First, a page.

MARVIN MILLER, the first MLBPA Exec Dir, died this morning in Manhattan at the age of 95 "after a year-long battle with cancer," according to Bill Madden of the N.Y. DAILY NEWS. Miller headed the union from '66-84 and won the players "previously-unimaginable gains in salary, working conditions and licensing and pension benefits through hard-nosed collective bargaining." Under Miller's leadership, the "average players' salary went from $10,000 in 1967 to $329,000 by 1984 while the minimum salary increased from $6,000 to $40,000." All of this was due to "two monumental gains for the players which Miller was able to attain through both collective bargaining and the courts -- free agency and salary arbitration." Miller oversaw the "first work stoppage in modern baseball history" in '72, as well as the "first mid-season strike in baseball history" in '81. He negotiated "numerous lucrative licensing and marketing deals that added millions of dollars to the Players Association coffers, in particular his 1981 success in opening up the baseball card industry to competing companies, following a quarter-century monopoly by the Topps Co. which was paying the players a paltry $125 apiece annually for the exclusive rights to their images" (NYDAILYNEWS.com, 11/27). MLB.com's Marty Noble notes Miller "remained quite aware of union activities and often was consulted by his former colleagues and quoted by the media at times of collective bargaining distress" (MLB.com, 11/27). USA TODAY's Bob Nightengale writes Miller turned the union "into one of the most powerful in the country." He was "never inducted into Baseball's Hall of Fame," but famed broadcaster RED BARBER called him "one of the two or three most important men in baseball history, along with BABE RUTH and JACKIE ROBINSON" (USATODAY.com, 11/27).
PAYING RESPECTS: Yahoo Sports' Jeff Passan wrote on his Twitter account, "Marvin Miller's contributions to baseball cannot be overstated. He was a remarkable visionary, and MLB is where it is today because of him." SportsBusinessNews.com's Howard Bloom wrote, "If you are a professional athlete today, you owe a debt of gratitude today and everyday to Marvin Miller." ESPN's Buster Olney wrote, "Marvin Miller's impact on professional sports -- not just baseball -- cannot be overstated." SportsBusiness Journal's Eric Fisher wrote, "A true giant, his formation of MLBPA into a true players union helped transform sports economics." The N.Y. Post's Joel Sherman wrote, "Marvin Miller is 1 of 5 most important figures in baseball history. His absence from Hall enshrinement is a blight."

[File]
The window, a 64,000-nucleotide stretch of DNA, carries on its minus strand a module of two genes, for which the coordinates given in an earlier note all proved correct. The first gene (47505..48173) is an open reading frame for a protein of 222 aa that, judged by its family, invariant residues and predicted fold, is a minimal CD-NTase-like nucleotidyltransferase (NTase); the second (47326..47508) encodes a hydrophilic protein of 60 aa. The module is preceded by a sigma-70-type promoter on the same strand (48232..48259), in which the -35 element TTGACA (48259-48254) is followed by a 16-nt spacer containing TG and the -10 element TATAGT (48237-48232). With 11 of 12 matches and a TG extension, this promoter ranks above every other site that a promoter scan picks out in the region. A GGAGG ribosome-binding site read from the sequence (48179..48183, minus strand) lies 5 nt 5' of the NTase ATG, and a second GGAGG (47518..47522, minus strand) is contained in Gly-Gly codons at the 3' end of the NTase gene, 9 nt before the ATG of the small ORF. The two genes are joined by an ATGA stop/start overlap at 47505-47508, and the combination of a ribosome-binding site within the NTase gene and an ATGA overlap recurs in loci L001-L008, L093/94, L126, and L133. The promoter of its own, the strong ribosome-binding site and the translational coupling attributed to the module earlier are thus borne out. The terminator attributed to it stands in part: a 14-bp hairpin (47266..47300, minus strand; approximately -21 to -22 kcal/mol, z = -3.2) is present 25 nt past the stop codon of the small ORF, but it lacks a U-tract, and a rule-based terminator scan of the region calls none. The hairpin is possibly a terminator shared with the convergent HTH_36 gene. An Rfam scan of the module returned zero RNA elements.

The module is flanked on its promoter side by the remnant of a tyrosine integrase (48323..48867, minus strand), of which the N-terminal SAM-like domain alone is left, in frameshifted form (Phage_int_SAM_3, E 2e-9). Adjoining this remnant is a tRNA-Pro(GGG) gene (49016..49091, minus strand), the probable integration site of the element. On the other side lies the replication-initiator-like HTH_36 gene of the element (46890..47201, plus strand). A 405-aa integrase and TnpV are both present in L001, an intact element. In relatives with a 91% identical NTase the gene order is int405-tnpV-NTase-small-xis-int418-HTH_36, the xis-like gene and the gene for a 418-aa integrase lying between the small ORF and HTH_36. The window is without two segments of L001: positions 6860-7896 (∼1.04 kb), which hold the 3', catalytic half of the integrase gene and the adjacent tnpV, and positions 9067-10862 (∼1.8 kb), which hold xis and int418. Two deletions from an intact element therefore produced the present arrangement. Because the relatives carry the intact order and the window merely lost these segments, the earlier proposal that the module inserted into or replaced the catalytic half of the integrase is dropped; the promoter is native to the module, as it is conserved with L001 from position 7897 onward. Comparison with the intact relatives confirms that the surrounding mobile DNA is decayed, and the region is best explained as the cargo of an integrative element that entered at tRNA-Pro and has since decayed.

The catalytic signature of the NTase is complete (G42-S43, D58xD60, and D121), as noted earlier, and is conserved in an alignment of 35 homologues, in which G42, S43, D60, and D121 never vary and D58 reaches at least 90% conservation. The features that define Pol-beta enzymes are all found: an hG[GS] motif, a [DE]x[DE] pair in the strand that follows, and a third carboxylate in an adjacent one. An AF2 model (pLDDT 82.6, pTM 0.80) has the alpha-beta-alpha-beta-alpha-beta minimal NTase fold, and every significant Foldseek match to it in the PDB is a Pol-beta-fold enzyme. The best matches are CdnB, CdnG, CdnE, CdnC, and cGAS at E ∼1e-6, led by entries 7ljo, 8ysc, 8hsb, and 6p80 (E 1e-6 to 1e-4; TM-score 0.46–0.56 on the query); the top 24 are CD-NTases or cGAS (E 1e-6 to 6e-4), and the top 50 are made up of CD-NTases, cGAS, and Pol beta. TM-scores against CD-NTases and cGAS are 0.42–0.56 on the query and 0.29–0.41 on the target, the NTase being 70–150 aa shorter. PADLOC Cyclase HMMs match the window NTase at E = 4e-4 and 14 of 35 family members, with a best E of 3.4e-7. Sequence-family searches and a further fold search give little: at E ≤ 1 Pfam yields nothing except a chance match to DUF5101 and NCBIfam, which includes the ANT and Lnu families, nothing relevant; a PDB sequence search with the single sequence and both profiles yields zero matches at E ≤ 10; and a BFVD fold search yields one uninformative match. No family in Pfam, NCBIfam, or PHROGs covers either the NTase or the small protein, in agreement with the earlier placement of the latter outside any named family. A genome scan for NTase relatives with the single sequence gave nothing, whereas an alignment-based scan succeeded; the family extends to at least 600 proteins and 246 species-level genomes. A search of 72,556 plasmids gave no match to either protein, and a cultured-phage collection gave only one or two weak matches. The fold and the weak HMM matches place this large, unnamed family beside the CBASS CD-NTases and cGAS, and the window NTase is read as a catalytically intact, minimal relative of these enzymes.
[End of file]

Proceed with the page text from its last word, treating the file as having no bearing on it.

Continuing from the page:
MISSED IN COOPERSTOWN: ESPN's Tim Kurkjian said he did not know why Miller is not in the Baseball HOF, but there are a "lot of people in management in baseball who never liked or appreciated or respected Marvin Miller because he was on the other side." He was "such a relentless negotiator and such a ferocious competitor that a lot of people in management think that baseball has been ruined to some degree because of the salaries when obviously that's not the case because the revenues in baseball are up so high now and the salaries just go up with it.” Kurkjian added, “You cannot write the history of baseball without Marvin Miller being right in the middle of it. To me, the Hall of Fame is a museum which chronicles the history of the game, and you can't chronicle the history of baseball without Marvin Miller” (“SportsCenter,” ESPN, 11/27). The Denver Post's Troy Renck wrote on Twitter, "Marvin Miller's impact and accomplishments should have put him in Hall of Fame." FoxSports.com's Ken Rosenthal wrote, "One of the most important figures in baseball history. And yes, without question, he should be in the Hall of Fame." The Baltimore Sun's Dan Connolly wrote, "One of baseball's biggest injustices is that he didn't go into the HOF while alive. Incredibly influential." The Washington Post's Adam Kilgore wrote, "He should be in the Hall of Fame. A shame on baseball he didn't get in while still alive." Sporting News' Jesse Spector wrote, "Like Pat Burns in hockey, it's shameful Marvin Miller didn't get into baseball's Hall of Fame while he was alive."